Wednesday, December 23, 2009

online video: where the king's headed

Whenever someone asks me which social media trend is strongest, I don't hesitate: It's online video. Those numbers don't lie about this content king. As this first decade of the century closes, YouTube's been declared the decade's top social media innovation, because "it touched the most lives" (to the tune of 20 hours of video being uploaded every minute, seen by 1 billion views per day). What got it there? Innovations like easy-to-embed technology, which aided sharing--and led to "going viral." The rise of social networks on which to share videos and easy ways to record video, from the Flip MinoHD Camcorder to smartphone recording capabilities, also boosted video's march to the top.

Your communications plans may be right on top of this trend...or a bit behind. Either way, now's a great time to be thinking about where online video's heading, so you won't get caught behind the curve:

  • Look for more live video, and video scaled to the small (mobile) and big (TV) screens. Mashable notes that YouTube's made strides in all three options, and more mobile phones are able to handle video well, with television options in the works. This year, Flip cameras got a mobile app to increase sharing options. For 2010, you'll have more options for live video of your events, and more ways to encourage and enable your audiences to share and discuss your video. Check out new features in this realm, like YouTube's option to chat in real-time with users while they watch videos, not quite live video, but a live running commentary that will lend immediacy to your existing videos. But watch YouTube move beyond its live U2 concert broadcast this year to offer more live options. And check out the Meebo bar, which will let your site's readers drag-and-drop your video to YouTube for sharing or commentary.
  • Video search will continue to bloom: Search capabilities help your audiences find your video--and help you track your broadcast and online coverage. Online video once was the stepchild of search, rarely showing up and requiring you to add text with the video in order to catch the search engine's eye. Today, YouTube is already one of the most popular search engines. You can search Hulu using its closed-caption feature, allowing you to pinpoint your search, and add captions to your own YouTube videos to make them easily found. You or your audience can search YouTube comments as a way of finding videos, in test form. And Google Video search now allows your audience to refine a search to cartoons or slideshows, great news if you're using slideshows as another multimedia tool (remember, visuals don't just mean video, but slideshows can easily be adapted for posting on sites like YouTube). In 2009, Google also increased the likelihood that network-posted online video would wind up in search results, a move that benefits your media-relations tracking as well as the chance that searchers will see your videos.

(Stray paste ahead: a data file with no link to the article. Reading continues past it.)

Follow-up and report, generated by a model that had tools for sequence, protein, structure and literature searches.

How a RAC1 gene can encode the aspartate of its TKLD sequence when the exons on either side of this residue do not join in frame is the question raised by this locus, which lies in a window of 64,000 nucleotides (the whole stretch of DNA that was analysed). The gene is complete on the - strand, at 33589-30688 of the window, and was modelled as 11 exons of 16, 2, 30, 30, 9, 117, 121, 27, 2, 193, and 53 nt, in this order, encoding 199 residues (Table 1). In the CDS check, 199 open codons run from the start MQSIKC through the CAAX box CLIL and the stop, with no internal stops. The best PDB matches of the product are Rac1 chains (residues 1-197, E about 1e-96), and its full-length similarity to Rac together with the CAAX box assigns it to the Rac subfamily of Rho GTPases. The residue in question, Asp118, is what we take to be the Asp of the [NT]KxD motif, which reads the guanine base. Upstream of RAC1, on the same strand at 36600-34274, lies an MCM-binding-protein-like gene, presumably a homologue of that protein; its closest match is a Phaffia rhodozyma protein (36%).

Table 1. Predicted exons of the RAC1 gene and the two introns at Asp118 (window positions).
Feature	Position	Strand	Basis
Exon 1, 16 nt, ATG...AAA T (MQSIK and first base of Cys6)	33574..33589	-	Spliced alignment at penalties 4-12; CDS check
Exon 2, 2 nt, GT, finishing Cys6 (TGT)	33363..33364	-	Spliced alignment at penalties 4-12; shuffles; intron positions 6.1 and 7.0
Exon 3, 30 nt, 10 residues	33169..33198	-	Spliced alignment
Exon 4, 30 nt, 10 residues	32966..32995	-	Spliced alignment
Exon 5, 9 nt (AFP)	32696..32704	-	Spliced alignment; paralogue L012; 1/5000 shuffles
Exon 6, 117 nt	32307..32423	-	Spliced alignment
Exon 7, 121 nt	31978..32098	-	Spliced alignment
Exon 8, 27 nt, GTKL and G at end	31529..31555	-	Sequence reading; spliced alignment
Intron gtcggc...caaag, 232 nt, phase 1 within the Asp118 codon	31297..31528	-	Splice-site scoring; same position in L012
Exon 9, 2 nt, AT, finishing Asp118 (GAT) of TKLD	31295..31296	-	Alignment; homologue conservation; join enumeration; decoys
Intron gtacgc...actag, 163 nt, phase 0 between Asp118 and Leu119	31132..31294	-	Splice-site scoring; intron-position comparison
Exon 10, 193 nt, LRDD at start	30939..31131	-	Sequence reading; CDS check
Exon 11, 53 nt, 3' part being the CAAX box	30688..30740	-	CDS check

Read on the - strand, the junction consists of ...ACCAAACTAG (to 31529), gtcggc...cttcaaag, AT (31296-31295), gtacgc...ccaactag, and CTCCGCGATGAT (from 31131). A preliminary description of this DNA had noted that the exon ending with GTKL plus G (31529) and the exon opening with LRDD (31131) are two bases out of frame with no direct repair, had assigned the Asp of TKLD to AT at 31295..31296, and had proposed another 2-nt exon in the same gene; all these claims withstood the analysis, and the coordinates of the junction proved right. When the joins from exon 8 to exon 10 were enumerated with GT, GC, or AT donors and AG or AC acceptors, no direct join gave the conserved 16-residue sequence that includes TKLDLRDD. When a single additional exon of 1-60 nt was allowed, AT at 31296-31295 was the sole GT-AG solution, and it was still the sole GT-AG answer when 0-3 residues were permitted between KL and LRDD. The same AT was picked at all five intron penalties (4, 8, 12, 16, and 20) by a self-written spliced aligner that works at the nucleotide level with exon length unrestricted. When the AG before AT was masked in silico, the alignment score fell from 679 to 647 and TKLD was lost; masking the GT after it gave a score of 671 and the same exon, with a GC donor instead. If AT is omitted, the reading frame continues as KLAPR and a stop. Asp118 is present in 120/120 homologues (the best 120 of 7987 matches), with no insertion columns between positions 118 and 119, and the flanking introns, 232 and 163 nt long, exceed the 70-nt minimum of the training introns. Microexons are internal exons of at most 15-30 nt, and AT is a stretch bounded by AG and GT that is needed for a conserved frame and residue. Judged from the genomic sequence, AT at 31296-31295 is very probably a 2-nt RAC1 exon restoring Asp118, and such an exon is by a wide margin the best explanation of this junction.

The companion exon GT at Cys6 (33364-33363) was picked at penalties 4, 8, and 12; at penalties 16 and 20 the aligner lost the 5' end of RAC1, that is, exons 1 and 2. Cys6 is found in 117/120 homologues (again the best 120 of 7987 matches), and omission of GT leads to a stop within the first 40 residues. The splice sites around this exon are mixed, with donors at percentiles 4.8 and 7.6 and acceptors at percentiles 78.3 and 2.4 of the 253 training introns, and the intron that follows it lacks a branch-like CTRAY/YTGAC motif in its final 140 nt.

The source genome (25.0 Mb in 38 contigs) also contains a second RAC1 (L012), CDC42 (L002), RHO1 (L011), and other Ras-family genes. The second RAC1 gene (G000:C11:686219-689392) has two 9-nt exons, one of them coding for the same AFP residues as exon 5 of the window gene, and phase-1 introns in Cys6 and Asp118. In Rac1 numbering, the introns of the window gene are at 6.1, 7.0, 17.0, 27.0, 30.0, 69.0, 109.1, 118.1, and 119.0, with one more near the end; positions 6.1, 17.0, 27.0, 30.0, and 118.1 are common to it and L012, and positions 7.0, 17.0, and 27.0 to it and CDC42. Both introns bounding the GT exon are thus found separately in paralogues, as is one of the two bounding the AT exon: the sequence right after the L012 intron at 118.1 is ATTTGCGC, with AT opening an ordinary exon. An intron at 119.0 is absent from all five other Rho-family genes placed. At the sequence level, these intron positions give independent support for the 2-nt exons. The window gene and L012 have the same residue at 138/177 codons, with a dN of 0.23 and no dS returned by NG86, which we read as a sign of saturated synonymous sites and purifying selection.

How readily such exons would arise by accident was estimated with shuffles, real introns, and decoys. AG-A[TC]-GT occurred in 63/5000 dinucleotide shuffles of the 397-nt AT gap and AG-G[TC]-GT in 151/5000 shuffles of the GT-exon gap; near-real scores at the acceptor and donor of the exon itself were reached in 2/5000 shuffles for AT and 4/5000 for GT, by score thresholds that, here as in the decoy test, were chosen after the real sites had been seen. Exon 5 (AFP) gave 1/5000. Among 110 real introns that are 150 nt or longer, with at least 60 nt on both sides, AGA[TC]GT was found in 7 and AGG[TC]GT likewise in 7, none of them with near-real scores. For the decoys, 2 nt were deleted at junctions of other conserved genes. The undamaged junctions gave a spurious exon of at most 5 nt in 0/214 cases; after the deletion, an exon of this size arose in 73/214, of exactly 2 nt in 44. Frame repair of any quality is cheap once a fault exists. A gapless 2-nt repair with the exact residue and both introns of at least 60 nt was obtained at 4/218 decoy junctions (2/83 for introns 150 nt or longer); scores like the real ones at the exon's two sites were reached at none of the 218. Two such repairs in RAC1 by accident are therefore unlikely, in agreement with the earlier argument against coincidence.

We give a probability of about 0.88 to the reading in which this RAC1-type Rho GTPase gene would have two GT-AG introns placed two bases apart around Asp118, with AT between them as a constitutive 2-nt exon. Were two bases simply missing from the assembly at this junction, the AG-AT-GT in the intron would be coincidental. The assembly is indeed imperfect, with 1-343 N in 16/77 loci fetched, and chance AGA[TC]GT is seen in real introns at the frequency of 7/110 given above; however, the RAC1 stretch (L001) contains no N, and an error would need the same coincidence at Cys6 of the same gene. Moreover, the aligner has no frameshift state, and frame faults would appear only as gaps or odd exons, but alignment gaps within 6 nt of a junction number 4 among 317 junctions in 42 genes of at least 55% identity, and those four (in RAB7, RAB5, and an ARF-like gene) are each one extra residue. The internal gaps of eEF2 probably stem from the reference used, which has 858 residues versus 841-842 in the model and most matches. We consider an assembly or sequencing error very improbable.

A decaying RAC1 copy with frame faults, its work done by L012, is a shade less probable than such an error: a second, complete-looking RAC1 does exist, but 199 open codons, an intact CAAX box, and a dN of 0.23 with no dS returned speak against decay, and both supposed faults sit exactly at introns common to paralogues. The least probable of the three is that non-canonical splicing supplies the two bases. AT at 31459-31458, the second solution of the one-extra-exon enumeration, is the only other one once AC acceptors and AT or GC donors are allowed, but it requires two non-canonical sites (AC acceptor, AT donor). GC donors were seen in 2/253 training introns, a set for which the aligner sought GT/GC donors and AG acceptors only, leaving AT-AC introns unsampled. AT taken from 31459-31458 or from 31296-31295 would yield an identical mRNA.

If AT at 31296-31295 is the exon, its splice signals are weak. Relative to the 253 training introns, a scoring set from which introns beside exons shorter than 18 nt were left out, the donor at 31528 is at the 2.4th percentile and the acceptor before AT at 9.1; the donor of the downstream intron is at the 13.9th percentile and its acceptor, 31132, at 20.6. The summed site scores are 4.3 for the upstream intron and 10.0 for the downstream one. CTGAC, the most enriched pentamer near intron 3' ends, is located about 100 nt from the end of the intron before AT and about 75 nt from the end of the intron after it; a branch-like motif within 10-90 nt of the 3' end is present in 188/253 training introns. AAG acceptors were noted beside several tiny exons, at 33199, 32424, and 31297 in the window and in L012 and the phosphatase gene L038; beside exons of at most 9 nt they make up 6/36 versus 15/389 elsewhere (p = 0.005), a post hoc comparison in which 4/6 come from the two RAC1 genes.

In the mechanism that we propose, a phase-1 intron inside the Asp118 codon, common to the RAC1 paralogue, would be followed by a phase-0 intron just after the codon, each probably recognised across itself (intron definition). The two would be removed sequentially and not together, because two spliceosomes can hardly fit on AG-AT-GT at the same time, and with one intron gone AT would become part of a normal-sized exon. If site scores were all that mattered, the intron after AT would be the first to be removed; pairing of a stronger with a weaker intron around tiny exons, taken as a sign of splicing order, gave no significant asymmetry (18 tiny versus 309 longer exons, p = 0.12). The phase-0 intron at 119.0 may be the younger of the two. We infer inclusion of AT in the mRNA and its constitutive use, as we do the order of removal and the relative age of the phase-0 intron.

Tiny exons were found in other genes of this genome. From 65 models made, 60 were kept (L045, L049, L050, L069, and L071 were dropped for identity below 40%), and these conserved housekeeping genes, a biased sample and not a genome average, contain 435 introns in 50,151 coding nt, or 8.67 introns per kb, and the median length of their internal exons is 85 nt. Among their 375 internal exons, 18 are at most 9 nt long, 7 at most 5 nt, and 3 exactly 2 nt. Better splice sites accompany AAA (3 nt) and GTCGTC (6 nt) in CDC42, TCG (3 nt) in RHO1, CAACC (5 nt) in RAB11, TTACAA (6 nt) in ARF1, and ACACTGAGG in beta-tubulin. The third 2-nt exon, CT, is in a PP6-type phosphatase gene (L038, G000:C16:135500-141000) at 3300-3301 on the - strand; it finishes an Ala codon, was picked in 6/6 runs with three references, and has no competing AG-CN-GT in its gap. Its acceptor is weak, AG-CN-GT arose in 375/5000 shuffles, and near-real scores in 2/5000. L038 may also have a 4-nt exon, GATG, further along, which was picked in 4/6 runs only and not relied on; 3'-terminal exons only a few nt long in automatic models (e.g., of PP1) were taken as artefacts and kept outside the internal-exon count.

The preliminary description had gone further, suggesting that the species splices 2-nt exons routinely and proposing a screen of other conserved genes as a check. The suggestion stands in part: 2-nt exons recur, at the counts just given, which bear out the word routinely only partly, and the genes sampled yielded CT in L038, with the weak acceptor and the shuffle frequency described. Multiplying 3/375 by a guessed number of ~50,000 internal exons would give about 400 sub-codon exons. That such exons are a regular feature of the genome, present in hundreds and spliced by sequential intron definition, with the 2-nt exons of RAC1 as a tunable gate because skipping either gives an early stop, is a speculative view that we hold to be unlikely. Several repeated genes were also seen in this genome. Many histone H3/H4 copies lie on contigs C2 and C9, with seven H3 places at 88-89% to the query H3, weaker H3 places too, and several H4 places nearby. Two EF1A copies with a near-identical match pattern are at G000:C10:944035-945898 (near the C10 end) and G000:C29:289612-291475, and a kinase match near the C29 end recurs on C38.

• We'll all need to keep learning about online video. The good news? YouTube wants to help you do that. A new tool being tested by YouTube lets you see what certain audiences are watching on the service: You pick the parameters (gender, age, location, topics) and you'll see their likes and dislikes, locations, sample videos that are popular with the group and a word cloud of search terms they're using. It's one of my favorite new tools. And you can play with more new features, like adding commentary to your videos.
I'm already adding to my 2010 to-do list a review of my online videos and ways I can enhance them with these new tools, so I'm ready for the next wave. How about you?

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